The Charles de Gaulle, which is powered by 2 nuclear reactors, carries 26 attack aircraft, tripling France’s capacity to bomb IS targets in Syria and Iraq.
In Aleppo province, heavy fighting continues between the Opposition coalition and pro-Assad forces south of Aleppo. The Opposition have re-captured 10 villages this week in a counter-offensive, driving back an enemy composed mainly of Iranian militia. Latest reports say opposition fighters have captured Banes.
Footage of a successful Opposition TOW strike against a regime communications station on Tel Eis, HERE:
North of Aleppo, Opposition fighters have also struck back at regime positions in Bashkoi, reportedly destroying a total of 10 rocket launchers, tanks and armoured vehicles.
Turkish Tanks Being Brought by Train to the Syrian Border
In what may well be a retaliatory strike following yesterday’s loss of a jet bomber, Russian planes this afternoon bombed Azaz in northern Aleppo province just 4 kilometres from the border with Turkey, hitting a number of trucks, many of which are probably Turkish, HERE:
As tensions grow, there are additionally reports of an increased concentration of Turkish tanks along the Syrian/Turkish border and overflights of Turkish helicopters 3 to 4 kilometres into Rojava, Kurdish territory, north of Hasakah.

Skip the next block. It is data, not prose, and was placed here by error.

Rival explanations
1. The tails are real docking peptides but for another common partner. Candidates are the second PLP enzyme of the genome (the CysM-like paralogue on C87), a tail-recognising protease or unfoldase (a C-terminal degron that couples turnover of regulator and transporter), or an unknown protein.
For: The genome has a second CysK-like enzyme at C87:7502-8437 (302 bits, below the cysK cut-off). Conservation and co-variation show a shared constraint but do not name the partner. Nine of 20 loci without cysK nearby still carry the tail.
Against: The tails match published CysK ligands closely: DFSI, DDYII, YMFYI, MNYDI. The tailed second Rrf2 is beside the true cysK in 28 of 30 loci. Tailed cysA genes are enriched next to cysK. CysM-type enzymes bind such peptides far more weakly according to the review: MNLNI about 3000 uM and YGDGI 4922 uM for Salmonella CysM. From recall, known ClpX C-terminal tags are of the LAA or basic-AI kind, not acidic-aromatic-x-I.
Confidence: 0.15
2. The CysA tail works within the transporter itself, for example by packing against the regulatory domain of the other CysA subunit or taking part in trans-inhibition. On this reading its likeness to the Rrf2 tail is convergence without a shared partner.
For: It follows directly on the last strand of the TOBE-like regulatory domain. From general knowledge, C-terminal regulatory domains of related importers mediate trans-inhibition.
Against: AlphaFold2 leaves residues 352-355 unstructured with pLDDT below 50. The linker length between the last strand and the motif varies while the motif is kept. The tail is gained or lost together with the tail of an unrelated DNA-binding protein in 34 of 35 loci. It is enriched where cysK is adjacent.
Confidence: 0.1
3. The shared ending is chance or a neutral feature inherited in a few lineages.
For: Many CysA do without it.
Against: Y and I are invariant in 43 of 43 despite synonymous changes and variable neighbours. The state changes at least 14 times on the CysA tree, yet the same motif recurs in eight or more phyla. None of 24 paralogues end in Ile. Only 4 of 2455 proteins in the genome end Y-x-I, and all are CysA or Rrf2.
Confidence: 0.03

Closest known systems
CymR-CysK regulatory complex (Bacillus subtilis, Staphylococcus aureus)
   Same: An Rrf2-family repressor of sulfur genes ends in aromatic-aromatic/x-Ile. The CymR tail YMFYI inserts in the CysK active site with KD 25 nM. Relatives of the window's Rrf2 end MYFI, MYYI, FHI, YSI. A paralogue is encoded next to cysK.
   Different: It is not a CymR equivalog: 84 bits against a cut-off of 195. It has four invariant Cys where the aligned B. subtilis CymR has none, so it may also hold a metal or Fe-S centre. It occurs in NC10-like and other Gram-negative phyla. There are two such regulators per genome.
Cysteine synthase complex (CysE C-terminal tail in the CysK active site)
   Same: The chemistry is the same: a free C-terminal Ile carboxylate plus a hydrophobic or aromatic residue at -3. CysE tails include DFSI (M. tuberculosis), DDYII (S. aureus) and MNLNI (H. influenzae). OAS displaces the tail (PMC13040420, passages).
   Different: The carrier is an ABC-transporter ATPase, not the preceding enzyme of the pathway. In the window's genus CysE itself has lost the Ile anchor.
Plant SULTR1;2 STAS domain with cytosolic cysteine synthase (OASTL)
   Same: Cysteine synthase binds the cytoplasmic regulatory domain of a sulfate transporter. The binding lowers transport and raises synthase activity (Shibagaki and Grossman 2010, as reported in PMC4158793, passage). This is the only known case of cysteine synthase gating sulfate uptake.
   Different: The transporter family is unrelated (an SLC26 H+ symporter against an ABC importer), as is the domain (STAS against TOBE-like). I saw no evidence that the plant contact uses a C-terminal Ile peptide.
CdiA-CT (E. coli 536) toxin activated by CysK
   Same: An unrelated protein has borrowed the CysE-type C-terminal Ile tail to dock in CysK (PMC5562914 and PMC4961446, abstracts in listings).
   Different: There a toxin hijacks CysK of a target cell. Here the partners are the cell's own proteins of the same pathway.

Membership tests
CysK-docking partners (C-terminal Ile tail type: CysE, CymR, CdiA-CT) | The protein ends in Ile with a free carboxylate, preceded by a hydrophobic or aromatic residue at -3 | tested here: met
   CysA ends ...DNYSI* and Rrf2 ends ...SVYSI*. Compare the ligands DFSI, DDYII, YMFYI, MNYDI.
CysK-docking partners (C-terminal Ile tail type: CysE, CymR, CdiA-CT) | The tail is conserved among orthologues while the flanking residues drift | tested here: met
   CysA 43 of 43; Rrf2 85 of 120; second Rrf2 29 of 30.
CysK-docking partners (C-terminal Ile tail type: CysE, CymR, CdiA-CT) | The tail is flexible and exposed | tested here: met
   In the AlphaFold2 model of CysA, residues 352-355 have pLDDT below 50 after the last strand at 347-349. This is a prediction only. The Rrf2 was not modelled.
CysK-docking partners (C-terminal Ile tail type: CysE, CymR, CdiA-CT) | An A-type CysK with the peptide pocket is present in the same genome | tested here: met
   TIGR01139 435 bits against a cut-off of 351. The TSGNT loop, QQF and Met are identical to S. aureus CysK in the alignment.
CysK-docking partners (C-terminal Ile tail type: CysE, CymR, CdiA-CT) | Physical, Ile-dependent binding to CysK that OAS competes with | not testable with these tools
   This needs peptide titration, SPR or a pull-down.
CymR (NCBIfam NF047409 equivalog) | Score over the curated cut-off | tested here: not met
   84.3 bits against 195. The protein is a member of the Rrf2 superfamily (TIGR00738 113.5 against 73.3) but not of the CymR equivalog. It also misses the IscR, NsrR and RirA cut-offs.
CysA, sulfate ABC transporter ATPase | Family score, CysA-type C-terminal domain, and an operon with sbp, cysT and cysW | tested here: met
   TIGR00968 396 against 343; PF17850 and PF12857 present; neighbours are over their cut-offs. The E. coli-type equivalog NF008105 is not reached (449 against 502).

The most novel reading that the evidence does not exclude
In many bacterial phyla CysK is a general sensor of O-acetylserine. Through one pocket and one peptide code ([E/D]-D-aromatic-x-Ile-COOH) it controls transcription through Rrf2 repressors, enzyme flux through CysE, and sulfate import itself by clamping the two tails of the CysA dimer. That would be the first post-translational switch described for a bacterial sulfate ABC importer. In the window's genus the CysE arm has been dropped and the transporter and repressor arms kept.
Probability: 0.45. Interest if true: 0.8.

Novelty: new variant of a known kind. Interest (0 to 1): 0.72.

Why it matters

In southern Suweida province, which is predominately Druze, a resistance to compulsory conscription gathers pace.
More than ten Druze communities have refused to allow the Assad regime to compulsorily register their young men for military conscription and have said they will fight the authorities if they attempt to take the men by force.
With an increasing lack of manpower, and increasing dependence on foreign militia, the Assad regime was thought in May to have at least 70,000 young men in provinces it wholly or partially controls skipping conscription.
Lastly, there are still people in the world that care and act on the hell that is Syria, this time in the US, HERE: